Voting reform for local elections

By Rob Telford, Green councillor for Ashley ward, Bristol

UK Voting

The great democratic hope for General Election 2015

For decades, the UK has essentially been a two-party system, with third parties (whether Liberal/SDP/Lib Dem, SNP/Plaid, Green, BNP or UKIP) not being able to gain enough votes to overhaul the two largest parties (Labour and Conservative) at any General Election.

At the same time, fewer and fewer people are choosing to cast their votes for the two largest parties. In 1951, 96.8 per cent of people voted for either Labour or Conservative. In 2010, it was 65.1 per cent of people. Over a third of people no longer choose to support the two largest parties, and yet first past the post – a system designed for two-party systems – still remains and leaves many people effectively disenfranchised.

There are a number of problems with this – and obvious solutions. Firstly, many people vote but their votes aren’t effective in electing anyone. In 2010, 15.7 million people cast votes for candidates that weren’t elected or didn’t require their vote to win. That’s 53 per cent of the electorate who did not get any say in who makes decisions for them. This gives an obvious disincentive to vote. A preferential voting system (where a person can rank their candidates in order of preference) would make this an incredibly rare occurrence and give a far greater number of people buy-in to the political system.

Furthermore, many MPs find themselves in safe seats. This is the case in almost 400 of the 650 seats that are contested. Majorities can be so large that the non-sitting political parties do not see any reason to campaign. It can lead to a lack of accountability, the feeling that certain MPs have “jobs for life” and disincentivises smaller parties from contesting the seat at all. Again, this would be solved by a preferential system where the best placed second-placed candidate would fare much better and kickstart many more contests in previously safe seats.

Finally, the largest party (whoever that is) often has an inflated parliamentary majority. This is the overall effect of first past the post. In 2005, Labour won 55.2 per cent of the seats with only 35.2 per cent of the votes. Similarly, in 1992, the Conservatives won 51.7 per cent of the seats with only 41.9 per cent of the votes. This discrepancy is simply a huge flaw and often leaves third and smaller parties with a lower percentage of seats than the percentage of the vote they gained. To remedy this, we would need a top-up system whereby people can choose a party from a list that then has members allocated on the basis of their percentage share of the vote.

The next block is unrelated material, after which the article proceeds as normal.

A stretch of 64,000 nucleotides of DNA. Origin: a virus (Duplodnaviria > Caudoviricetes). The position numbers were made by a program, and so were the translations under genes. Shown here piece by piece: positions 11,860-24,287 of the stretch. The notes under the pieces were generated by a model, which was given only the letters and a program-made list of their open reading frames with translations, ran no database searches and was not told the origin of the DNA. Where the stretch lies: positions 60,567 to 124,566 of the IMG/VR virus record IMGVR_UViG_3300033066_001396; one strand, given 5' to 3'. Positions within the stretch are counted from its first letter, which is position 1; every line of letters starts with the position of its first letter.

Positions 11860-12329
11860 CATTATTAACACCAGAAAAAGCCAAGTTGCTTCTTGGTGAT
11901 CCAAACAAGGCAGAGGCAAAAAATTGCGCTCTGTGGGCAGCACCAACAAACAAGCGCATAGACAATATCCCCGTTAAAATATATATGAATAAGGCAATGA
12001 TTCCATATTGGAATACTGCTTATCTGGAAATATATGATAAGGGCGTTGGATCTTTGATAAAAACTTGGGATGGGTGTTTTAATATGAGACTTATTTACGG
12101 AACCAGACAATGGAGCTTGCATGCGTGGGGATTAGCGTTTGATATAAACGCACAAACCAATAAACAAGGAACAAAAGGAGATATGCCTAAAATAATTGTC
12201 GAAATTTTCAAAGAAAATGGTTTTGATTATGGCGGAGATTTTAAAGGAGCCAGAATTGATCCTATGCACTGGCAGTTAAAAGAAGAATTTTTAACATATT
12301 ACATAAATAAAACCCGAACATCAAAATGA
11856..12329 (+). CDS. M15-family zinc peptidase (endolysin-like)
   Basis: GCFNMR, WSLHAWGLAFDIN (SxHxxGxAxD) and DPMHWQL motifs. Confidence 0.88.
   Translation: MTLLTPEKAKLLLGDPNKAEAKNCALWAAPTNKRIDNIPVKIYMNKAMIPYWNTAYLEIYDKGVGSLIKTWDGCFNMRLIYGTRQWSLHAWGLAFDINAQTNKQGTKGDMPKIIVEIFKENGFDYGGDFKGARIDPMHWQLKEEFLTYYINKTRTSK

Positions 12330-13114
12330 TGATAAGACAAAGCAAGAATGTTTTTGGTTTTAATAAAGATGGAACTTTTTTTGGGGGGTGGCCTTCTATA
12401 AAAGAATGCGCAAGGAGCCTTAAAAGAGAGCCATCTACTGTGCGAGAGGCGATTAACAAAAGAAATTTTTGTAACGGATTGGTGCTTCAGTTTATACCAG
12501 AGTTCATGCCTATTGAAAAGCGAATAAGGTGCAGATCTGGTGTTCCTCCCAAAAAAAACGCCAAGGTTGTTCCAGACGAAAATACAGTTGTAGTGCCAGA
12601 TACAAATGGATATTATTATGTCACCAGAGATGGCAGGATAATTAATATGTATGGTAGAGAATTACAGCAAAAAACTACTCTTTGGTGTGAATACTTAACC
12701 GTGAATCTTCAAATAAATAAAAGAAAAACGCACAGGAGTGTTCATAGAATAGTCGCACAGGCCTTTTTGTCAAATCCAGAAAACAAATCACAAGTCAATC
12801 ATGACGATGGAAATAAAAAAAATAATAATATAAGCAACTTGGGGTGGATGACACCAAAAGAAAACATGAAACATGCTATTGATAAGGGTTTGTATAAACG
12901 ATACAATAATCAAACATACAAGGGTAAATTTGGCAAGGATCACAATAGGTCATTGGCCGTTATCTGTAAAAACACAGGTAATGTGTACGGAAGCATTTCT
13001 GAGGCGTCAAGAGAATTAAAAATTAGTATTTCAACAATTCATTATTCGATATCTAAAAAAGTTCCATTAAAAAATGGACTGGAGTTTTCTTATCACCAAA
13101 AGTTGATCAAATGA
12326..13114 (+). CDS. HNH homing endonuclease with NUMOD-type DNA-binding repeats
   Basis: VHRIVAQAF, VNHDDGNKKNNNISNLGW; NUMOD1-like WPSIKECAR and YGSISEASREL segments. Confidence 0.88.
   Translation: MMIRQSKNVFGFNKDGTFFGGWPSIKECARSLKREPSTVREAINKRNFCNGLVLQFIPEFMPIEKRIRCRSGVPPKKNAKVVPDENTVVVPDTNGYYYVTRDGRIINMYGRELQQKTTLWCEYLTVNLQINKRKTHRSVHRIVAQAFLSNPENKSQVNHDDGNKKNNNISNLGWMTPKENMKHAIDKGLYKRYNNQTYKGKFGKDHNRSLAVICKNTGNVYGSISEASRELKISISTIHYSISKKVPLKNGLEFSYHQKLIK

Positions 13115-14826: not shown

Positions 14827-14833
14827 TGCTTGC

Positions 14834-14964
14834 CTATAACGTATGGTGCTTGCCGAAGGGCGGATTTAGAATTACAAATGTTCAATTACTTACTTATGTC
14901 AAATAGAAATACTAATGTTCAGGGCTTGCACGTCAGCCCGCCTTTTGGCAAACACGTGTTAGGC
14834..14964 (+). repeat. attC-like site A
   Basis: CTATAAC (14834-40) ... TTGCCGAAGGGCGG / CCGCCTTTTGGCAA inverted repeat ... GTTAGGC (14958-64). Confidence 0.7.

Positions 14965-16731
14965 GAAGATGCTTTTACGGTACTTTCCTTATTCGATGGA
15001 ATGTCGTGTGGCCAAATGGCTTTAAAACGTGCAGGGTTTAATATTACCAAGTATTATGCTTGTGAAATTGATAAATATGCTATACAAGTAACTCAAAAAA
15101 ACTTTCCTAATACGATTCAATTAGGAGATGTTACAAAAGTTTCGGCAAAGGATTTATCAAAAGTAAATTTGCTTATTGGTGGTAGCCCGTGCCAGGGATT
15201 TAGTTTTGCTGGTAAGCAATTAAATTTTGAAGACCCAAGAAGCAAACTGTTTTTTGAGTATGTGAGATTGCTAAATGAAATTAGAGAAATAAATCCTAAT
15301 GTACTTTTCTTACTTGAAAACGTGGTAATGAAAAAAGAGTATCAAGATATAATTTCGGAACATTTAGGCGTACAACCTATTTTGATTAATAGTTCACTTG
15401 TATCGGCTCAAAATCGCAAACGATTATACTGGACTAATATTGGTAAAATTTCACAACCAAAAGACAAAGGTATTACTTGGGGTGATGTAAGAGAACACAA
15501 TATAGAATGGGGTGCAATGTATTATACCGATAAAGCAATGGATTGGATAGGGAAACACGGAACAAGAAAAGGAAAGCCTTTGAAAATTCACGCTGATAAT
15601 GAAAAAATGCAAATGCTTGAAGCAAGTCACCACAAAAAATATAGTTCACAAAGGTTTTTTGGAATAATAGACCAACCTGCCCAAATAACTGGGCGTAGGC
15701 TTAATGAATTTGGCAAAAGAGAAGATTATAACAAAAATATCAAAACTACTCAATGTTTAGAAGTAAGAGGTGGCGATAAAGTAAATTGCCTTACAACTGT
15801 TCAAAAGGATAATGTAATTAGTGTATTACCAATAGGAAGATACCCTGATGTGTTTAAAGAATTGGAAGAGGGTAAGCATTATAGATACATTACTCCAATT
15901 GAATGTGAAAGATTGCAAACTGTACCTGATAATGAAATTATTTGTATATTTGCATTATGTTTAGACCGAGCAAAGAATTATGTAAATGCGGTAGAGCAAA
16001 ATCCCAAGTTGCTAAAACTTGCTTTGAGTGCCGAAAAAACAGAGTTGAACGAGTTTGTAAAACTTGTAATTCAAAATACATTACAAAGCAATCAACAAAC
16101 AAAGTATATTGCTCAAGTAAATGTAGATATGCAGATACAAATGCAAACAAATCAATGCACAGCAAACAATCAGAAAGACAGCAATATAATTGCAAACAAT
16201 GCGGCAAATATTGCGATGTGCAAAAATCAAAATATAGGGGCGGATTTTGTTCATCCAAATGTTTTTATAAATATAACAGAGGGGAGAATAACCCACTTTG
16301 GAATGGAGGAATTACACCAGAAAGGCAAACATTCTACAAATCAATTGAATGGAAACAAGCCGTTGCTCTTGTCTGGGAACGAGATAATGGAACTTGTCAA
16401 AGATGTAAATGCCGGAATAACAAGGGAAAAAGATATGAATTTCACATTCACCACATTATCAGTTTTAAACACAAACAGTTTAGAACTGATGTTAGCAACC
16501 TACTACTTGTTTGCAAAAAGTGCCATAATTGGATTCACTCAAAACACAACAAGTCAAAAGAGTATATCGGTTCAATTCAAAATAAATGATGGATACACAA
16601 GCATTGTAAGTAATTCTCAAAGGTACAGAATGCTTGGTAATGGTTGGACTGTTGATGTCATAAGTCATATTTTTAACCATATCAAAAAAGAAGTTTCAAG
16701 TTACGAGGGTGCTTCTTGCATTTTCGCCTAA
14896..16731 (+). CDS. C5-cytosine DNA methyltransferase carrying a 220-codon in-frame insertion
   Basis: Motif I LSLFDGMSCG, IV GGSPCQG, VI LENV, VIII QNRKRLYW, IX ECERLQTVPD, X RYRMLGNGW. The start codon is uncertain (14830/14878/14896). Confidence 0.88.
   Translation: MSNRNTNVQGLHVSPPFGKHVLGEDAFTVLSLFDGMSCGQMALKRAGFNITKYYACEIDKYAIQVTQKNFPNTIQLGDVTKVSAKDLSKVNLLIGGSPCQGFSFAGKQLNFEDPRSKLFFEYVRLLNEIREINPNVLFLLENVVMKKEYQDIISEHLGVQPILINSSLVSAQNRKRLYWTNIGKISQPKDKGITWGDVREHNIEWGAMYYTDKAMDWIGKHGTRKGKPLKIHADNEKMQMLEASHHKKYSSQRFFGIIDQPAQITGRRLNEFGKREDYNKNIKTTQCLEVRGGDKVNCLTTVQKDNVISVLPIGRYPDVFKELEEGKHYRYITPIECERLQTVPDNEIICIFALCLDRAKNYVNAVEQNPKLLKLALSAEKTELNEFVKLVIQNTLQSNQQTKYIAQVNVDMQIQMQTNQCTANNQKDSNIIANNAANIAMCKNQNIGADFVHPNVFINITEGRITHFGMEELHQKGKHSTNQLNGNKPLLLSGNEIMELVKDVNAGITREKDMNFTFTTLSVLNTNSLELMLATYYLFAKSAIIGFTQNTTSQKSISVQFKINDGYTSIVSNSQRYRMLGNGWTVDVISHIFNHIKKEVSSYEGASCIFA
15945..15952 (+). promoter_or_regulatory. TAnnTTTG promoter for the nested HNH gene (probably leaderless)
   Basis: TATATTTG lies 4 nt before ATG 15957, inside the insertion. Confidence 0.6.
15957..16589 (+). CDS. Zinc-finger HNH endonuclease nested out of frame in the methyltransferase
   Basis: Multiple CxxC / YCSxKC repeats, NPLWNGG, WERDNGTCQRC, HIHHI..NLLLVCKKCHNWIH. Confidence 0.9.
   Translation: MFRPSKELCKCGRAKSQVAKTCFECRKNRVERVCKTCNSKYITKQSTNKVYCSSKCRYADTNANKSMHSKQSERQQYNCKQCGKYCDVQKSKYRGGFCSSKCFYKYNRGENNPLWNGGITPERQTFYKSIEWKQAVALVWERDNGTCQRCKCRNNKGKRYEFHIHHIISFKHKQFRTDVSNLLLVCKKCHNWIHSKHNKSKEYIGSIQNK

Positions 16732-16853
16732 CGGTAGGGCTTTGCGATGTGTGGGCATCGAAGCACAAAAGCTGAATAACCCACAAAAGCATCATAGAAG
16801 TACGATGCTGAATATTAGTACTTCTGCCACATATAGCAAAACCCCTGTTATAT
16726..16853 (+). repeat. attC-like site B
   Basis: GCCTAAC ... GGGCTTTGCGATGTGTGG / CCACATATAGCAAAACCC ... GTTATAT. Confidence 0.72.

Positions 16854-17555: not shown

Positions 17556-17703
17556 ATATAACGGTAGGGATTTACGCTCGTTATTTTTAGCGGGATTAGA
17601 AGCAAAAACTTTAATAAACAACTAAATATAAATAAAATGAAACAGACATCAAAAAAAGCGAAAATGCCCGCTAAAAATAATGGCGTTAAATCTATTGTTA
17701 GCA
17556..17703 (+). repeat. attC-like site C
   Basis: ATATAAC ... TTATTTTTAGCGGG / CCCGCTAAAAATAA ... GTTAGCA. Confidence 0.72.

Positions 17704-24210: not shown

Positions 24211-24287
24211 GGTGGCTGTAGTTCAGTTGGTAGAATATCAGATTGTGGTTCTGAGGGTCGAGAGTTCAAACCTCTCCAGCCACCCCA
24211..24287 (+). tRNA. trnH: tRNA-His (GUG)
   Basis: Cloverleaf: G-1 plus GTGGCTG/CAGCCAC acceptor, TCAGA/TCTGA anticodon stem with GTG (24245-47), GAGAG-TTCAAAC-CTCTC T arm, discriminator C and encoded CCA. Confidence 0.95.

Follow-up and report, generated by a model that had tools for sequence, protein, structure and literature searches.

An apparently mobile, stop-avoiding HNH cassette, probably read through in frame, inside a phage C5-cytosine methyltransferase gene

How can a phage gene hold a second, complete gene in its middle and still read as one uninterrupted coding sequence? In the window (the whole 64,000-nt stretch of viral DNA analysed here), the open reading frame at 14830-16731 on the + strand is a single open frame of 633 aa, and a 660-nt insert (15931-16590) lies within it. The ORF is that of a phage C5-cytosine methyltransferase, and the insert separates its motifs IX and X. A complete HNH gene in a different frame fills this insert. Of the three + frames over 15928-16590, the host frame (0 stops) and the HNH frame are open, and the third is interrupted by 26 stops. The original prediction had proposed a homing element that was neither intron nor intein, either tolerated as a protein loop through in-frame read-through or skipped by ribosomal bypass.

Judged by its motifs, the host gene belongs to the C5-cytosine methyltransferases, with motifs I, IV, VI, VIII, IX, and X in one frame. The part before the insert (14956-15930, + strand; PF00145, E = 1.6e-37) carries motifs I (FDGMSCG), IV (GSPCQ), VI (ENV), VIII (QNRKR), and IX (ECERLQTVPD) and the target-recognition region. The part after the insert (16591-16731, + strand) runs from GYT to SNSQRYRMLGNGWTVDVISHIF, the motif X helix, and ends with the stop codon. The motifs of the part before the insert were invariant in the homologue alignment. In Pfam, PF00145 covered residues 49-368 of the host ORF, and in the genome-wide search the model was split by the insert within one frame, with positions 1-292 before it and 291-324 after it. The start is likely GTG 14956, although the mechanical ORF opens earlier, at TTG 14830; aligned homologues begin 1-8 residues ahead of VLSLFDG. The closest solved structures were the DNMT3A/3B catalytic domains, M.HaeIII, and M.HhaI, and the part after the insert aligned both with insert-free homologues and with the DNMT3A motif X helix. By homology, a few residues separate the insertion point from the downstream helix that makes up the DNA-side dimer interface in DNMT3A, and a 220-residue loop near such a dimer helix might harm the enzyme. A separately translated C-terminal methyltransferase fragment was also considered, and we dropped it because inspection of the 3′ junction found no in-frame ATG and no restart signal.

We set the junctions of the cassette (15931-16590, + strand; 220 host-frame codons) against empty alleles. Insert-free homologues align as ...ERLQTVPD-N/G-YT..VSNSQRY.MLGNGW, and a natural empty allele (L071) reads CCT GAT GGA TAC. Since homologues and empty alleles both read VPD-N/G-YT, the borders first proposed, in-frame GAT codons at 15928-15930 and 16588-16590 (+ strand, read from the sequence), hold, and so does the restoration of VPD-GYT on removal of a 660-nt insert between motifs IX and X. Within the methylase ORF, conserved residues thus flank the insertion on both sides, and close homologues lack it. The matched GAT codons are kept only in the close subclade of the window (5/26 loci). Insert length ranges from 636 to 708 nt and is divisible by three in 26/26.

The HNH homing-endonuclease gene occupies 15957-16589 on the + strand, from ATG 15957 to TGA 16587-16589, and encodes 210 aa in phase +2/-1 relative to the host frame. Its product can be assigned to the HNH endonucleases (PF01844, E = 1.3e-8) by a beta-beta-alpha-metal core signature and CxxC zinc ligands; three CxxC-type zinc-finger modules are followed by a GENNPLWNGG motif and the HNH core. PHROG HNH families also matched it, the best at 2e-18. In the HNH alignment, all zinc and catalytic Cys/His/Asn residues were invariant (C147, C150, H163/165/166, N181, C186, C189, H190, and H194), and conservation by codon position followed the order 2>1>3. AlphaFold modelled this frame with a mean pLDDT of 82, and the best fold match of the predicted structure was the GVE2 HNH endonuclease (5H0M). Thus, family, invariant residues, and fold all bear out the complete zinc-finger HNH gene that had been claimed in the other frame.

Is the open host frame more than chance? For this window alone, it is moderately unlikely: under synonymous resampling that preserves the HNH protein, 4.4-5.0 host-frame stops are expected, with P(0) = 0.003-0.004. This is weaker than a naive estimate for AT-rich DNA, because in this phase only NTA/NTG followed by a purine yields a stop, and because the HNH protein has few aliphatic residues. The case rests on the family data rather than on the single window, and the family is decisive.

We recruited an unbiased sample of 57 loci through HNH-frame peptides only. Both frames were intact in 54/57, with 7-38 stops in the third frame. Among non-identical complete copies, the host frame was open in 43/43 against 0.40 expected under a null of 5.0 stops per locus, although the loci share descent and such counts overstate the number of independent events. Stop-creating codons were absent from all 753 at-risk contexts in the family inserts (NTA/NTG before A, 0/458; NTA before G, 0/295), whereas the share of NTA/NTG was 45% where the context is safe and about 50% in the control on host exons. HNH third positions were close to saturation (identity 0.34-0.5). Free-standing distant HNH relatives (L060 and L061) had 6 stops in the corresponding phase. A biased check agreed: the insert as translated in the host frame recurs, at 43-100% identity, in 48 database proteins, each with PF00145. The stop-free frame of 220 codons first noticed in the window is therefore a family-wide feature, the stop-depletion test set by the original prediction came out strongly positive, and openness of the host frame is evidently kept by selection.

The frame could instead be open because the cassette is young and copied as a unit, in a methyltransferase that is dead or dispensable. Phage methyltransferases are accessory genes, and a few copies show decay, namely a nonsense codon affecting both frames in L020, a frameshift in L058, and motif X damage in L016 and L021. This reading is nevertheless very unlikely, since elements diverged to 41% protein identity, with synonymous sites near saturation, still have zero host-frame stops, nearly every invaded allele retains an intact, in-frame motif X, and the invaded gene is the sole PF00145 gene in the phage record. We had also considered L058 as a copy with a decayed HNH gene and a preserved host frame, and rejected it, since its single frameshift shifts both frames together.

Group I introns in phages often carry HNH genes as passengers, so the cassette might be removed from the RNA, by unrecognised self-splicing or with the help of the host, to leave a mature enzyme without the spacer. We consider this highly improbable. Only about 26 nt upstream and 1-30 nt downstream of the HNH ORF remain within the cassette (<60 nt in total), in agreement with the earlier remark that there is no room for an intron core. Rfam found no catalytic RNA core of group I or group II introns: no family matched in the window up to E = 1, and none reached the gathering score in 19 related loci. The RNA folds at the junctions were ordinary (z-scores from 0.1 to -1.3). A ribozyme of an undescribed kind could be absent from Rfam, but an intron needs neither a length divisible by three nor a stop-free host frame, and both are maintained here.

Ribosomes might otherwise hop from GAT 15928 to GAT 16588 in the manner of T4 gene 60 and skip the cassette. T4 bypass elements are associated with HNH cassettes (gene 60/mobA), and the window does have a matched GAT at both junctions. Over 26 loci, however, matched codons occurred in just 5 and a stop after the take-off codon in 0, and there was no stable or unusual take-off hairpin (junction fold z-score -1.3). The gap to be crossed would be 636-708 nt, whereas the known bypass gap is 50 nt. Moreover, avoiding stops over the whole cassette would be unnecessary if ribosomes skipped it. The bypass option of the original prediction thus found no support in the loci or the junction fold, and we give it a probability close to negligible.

In reality, General Election turnout remains pretty high in the UK. After a blip in 2001 (only 59.1 per cent), General Election turnout has again begun to increase up to 2010. It may not be in the mid- to high-70s as in the 1970s and 1980s, but it is not the genuine cause for concern.

The real concern is for local elections, where only about 30 per cent turnout. The crucial campaign in the next 14 months ahead of General Election 2015 will be for the Labour and Liberal Democrat parties to commit in their respective manifestoes to introducing a form of proportional representation for all local elections (most likely the single transferable vote).

This simple first step would potentially reinvigorate local democracy and, if well-publicised, increase turnout greatly. It is also in ALL political parties’ self-interest. It would give the two largest parties a foothold in areas of the country where they currently have no base of councillors, and give third and smaller parties the chance to compete in areas where they may be many people’s first preference – were it not for the knowledge that only the current two top options can win.

Voting reform will never be the sexiest subject, but it holds out the best hope we have to increase the public’s buy-in to the electoral system and give voters genuine choice in who represents them at each level of government.

Rob Telford is a councillor in Bristol and the Green Party’s national spokesperson on democratic reform. He runs the Twitter feed @VotingReform as a campaign calling for Labour to put PR in their 2015 General Election manifesto. He also tweets at @PurpleGreenRob.

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